The Lessons Of Lystra

Grace For The Journey

2018BlogTheme

21janThe Bible says in Acts 20:21, “The next day Paul and Barnabas left for Derbe. They preached the gospel in that city and won a large number of disciples. Then they returned to Lystra.”

God sent the apostle Paul and his companion Barnabas to Lystra to preach the Gospel there.  In Lystra they healed a man who had been crippled from birth.  The crowds thought the gods had come down from heaven in the likeness of Paul and Barnabas, and they called Barnabas “Zeus” and Paul “Hermes.” Paul and Barnabas would not receive their praise and worship and quickly corrected their misunderstanding.

But while they were there, some of the Jews who rejected the Gospel of Christ arrived from Antioch and stirred up the crowds and they stoned Paul; they dragged him out of the city, and left him for dead.  Miraculously, Paul was alive and well the next day.  He and Barnabas left for Derbe to preach and teach.

Then something very strange happened . . .

They went back to Lystra.

Why?

Because God had called them back

To learn the lessons of Lystra.

I want to look at two of the lessons that God ordained for Paul and Barnabas to learn.

Lesson #1: Learn from every defeat

Rarely do we learn much when the sky is blue, the clouds are fleecy, and the sun is brightly shining.  More often than not, God’s deep teachings will only be learned on the other side of a devastating defeat, hardship, or difficulty in life.   So . . .

We must seek to find

The lesson in every defeat,

Letting God use it

To shape and mold us

Into the person

He is calling us to be.

Lesson #2: Return to some defeats

Sometimes God calls us to return to a place where we experienced defeat because He intends to turn that defeat into a divine victory.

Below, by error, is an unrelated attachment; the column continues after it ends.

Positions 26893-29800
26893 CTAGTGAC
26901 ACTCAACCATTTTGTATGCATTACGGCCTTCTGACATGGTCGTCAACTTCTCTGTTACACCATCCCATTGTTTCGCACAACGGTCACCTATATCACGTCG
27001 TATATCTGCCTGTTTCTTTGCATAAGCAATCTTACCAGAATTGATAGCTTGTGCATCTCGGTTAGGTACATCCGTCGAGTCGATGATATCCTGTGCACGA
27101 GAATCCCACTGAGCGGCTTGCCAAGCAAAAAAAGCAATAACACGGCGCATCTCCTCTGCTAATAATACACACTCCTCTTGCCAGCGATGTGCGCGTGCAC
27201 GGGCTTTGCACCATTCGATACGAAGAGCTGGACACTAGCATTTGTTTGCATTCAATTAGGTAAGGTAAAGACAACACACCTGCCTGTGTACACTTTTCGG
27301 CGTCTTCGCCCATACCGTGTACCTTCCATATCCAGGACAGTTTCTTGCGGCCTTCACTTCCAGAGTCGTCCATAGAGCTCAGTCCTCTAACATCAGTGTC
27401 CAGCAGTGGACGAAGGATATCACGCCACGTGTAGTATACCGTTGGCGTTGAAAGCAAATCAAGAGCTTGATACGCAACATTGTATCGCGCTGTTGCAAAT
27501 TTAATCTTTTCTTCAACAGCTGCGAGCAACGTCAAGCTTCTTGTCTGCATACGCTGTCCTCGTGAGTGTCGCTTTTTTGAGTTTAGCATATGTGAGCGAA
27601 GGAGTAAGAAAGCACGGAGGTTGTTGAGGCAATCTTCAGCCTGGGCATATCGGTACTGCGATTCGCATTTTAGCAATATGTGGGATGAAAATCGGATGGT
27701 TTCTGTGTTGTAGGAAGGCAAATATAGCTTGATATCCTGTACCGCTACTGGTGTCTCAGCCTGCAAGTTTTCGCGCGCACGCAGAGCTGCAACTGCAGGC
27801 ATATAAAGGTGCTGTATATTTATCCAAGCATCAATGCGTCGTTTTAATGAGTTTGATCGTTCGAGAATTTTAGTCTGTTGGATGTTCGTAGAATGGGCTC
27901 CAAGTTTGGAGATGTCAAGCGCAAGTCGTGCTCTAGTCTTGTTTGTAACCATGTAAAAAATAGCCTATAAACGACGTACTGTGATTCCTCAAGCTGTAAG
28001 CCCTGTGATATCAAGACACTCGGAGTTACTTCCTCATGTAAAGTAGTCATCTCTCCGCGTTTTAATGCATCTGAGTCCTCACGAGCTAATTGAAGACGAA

This is not an easy thing

For the natural man to do!

When we are defeated,

We would rather learn the lesson

Or just forget about it

As quickly as possible

And get on with life.

But there are times when God has determined to take us above and beyond a lesson learned and to turn that devastating defeat into a divine deliverance.  When that happens, we are reminded of our Lord’s words: “With man, this is impossible, but with God, all things are possible” (Matthew 19:26).

That is the lesson that God gave Paul and Barnabas;

But in order to understand it,

They had to learn to think supernaturally

Rather than naturally.

Think back to the last time God determined that you should return to some particular defeat, rather than simply learn from it.

  • A heated argument with a loved one?
  • A broken relationship that needed to be made whole?
  • A stronghold that became a stranglehold on you?

When you encounter these trials,

It may very well be that God has ordained

That the lesson learned

Will not lift you high enough.

Rather, you must return

To rise above that defeat

In order to receive the victory

That is only possible with God.

Return with a humble heart.  Return with a contrite character. Return, despite the threat of a “second stoning,” knowing that God is with you every step of the way . . . just as He was with Paul and Barnabas.

The Bible says in Psalm 37:3, “Trust in the Lord, and do good; Dwell in the land, and feed on His faithfulness.”

My prayer is that you will feed on the faithfulness of God this day as you consider the lessons of Lystra.

This is God’s Word For Today … This Is Grace For The Journey

Rest and Rejoice in this eternal truth!

Pastor Terry

Ephesians 4:7 – “But to each one of us grace has been given as Christ apportioned it.”

Hebrews 4:16 – “Let us then approach the throne of grace with confidence, so that we may receive mercy and find grace to help us in our time of need.”

GraceForTheJourneyBottomOfPagePicture

Leave a Reply

Fill in your details below or click an icon to log in:

WordPress.com Logo

You are commenting using your WordPress.com account. Log Out /  Change )

Google photo

You are commenting using your Google account. Log Out /  Change )

Twitter picture

You are commenting using your Twitter account. Log Out /  Change )

Facebook photo

You are commenting using your Facebook account. Log Out /  Change )

Connecting to %s

This site uses Akismet to reduce spam. Learn how your comment data is processed.